This blog was written by Simon Mahan, former Energy Policy Manager at the Southern Alliance for Clean Energy.Guest Blog | June 15, 2017
The American Council for an Energy Efficient Economy (ACEEE) released its 2017 Utility Energy Efficiency Scorecard yesterday, ranking the 51 largest US electric utilities on energy efficiency programs and policies in 2015. Utility efficiency programs can have a number of benefits including lowering customer bills, reducing or avoiding the need to build new generating plants and other societal benefits like improved health and job creation. How did the utilities in the Southeast perform on the scorecard? Let’s take a look.
The ACEEE ranking assesses the energy efficiency programs, policies, and performance of the utilities based on a scoring system. The Northeast was the highest-scoring region, with 62% of available points earned on average, while the Southeast region – including utilities in AL, AR, FL, GA, LA, NC, and SC – earned an average of only 25% of the points, the lowest region in the rankings with the most utilities in the bottom 10. Of the 51 utilities in the scorecard, only Entergy Arkansas and Duke Energy Carolinas (SC) ranked in the top 30.
The table below shows a summary of the southeast programs (with the top 3 performing utilities included as a benchmark). NOTE: ACEEE did not include Tennessee Valley Authority in this report because it is a wholesale supplier and none of its wholesale power customers fall within the 51 largest utilities.
EE Program Performance
Targets, business models
Total Points (50 total)
% of total points
|National Grid (MA)|
|Duke Carolina (SC)|
|Duke Carolina (NC)|
|Duke Progress (NC)|
|GA Power (GA)|
|AL Power (AL)|
The EE Program Performance category scores utilities on quantitative savings and spending performance including incremental energy savings, program spending, peak demand reduction, lifetime savings, and progress toward energy savings targets. Net energy savings as a percentage of 2015 retail sales was the largest point metric in the scorecard. Eversource MA and National Grid received full points for this metric by achieving more than 3% incremental annual savings. Twenty-two utilities had savings higher than 1% of sales in 2015. The highest ranking Southeast utility was Entergy AR with 1.09% of sales, followed by Duke Energy Progress NC at 0.87% and Duke Energy Carolinas SC and NC at 0.78% and 0.77% respectively. The average for all 51 utilities is 0.89%.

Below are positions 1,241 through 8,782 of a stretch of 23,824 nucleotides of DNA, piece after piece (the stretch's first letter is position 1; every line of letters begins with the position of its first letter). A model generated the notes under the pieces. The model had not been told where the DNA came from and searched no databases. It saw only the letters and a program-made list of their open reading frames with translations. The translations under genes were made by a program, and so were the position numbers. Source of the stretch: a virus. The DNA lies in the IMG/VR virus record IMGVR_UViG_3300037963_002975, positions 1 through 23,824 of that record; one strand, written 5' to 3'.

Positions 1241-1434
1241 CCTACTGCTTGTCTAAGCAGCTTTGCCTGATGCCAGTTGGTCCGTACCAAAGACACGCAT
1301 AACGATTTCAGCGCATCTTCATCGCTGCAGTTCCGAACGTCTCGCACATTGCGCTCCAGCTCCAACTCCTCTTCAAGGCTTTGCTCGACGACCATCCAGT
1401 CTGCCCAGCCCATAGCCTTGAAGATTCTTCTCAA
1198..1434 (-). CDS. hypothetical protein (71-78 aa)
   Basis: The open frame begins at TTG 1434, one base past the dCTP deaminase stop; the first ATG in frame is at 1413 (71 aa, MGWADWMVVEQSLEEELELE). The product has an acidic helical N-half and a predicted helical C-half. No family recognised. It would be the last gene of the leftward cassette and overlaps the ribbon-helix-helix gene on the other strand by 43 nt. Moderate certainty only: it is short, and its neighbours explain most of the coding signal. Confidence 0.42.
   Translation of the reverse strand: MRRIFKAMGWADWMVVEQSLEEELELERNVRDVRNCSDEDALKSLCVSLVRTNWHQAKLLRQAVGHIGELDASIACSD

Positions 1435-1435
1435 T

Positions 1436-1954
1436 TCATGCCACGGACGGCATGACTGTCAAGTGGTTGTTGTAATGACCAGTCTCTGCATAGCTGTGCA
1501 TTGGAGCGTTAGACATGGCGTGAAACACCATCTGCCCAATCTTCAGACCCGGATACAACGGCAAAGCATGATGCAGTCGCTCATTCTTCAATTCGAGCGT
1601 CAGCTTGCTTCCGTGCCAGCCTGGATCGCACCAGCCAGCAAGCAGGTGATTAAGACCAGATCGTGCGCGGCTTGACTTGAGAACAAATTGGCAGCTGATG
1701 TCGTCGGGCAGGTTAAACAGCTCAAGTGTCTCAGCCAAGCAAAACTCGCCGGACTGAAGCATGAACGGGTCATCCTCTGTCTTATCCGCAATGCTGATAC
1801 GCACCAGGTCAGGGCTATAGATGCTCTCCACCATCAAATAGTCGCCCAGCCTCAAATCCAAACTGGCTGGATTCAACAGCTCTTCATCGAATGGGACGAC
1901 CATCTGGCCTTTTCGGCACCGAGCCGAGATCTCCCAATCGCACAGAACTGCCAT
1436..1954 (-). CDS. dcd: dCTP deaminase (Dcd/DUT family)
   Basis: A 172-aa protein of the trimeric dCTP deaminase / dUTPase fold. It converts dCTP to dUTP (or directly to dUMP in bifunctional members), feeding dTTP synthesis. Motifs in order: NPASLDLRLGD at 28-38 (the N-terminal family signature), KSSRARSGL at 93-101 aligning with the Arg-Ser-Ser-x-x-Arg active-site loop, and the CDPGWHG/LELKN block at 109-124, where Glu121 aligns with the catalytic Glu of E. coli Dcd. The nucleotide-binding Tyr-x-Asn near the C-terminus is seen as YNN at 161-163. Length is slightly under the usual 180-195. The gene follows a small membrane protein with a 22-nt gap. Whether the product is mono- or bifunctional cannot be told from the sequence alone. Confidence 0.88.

The second category (EE Programs) evaluates utility performance in areas that are critical to effective program delivery. The metrics in this category include diversity of programs, emerging programs, pilot programs, low-income offerings, advanced metering penetration, utility data access, and electric vehicles. In the Southeast region, Duke Energy Carolinas (NC) ranked the highest with 43% of the available points (or 30th in the rankings), earning points for strong diversity of programs and low-income programs.
The final category scores utilities on regulatory policies that promote energy efficiency including metrics based on energy savings targets, residential rate design, utility business model approaches and program evaluation practices. Again, both Eversource and National Grid MD earned top billing in this category (100% of available points), recognizing the criticality of having strong targets and policies in place to promote energy efficiency. Top Southeast performers were Entergy AR (60% of available points) and Duke Energy Carolinas SC (55% of available points).
The results of the scorecard highlight the importance of a diverse program offering and strong state policies and regulatory support for high performance in utility efficiency programs. The Southeast utilities may have performed poorly on this initial scorecard, but that leaves a lot of opportunity to grow. SACE is committed to working with utilities in the Southeast to improve energy efficiency programs and polices.